One of my favourite self-distribution stories is Lee DeMarbre’s 2001 classic Jesus Christ Vampire Hunter. He followed up a successful string of festival appearances with a tour of the north-eastern States where he booked the film into a string of latenight cinema screenings. Following that he managed to get the film distributed by Lloyd Kaufman’s Troma label, and most recently it is showing on a string of internet aggregators like Netflix. Lee has managed to create a revenue stream for his film over a decade-plus span. But, as he says, he’s worked his butt off.

Myth #6: DVD is dead

One reads about the closure of DVD stores and the birth of online distribution channels like Distrify, Blinkbox and Netflix. Does this mean the glory days of DVD are over?

Reality Check #6

DVD is not dead – it is still the largest revenue earner in America, where it grossed over $15 billion last year. There are hundreds and hundreds of boutique DVD distributors out there. Don’t be lazy. Research the marketplace and find one that fits you and your film.

Myth #7: I’m a filmmaker. I don’t need to know about the internet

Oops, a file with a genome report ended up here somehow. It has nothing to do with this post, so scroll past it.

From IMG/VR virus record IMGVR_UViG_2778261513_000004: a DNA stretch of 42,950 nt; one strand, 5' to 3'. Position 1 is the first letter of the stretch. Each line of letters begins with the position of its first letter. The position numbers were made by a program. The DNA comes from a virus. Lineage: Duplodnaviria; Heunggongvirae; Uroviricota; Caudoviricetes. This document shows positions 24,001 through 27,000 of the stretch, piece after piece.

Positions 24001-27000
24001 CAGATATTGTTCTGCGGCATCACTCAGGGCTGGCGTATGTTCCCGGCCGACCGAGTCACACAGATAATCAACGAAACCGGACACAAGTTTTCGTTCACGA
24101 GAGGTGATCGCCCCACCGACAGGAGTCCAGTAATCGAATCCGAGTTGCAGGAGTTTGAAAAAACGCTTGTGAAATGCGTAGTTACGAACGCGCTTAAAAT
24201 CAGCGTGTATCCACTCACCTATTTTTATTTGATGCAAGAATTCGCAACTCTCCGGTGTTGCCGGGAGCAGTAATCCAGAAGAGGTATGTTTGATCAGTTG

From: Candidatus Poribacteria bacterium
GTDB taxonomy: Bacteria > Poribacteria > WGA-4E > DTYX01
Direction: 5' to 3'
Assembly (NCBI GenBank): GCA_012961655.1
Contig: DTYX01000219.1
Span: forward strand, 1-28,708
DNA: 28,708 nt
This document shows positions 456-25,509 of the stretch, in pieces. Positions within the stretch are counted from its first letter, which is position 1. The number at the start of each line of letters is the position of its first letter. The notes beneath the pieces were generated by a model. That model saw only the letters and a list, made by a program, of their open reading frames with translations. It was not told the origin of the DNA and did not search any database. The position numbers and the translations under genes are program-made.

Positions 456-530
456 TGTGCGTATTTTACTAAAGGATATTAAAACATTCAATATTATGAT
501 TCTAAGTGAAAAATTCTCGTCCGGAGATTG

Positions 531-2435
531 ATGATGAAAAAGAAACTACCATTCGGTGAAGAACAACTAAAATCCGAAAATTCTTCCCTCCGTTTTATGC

There are two types of filmmakers out there right now: Those who loathe and abhor social media and wouldn’t be caught dead with a Twitter account, and those who love and embrace it.

Reality Check #7

The fact is, the internet is a powerful tool that can enable you to send messages directly to your audience without having to go through a middle man, like a distributor or broadcaster.

Distributors are also influenced by your own social media presence because it is proof that your movie works, and because it gives them a network to plug into in order to get bums on seats. A good social media profile will enhance your film distribution.

Fade Out

The distribution models are changing rapidly because of the different film distribution platforms offered by the internet. Most of the old paradigms don’t work as well as they did back when I started Raindance in 1992.

What have I forgotten?

Yours in filmmaking,

Elliot Grove

About 

Elliot Grove is the founder of Raindance Film Festival and the British Independent Film Awards. He has produced over 700 hundred short films and also five feature films, including the multi-award-winning The Living and the Dead in 2006, Deadly Virtues in 2013 and AMBER in 2017. He teaches screenwriting and producing in the UK, Europe, Asia and America.

Raindance trailer 2017

Elliot has written three books which have become industry standards: Raindance Writers’ Lab: Write + Sell the Hot Screenplay, now in its second edition, Raindance Producers’ Lab: Lo-To-No Budget Filmmaking and Beginning Filmmaking: 100 Easy Steps from Script to Screen (Professional Media Practice).

In 2009 he was awarded a PhD for services to film education.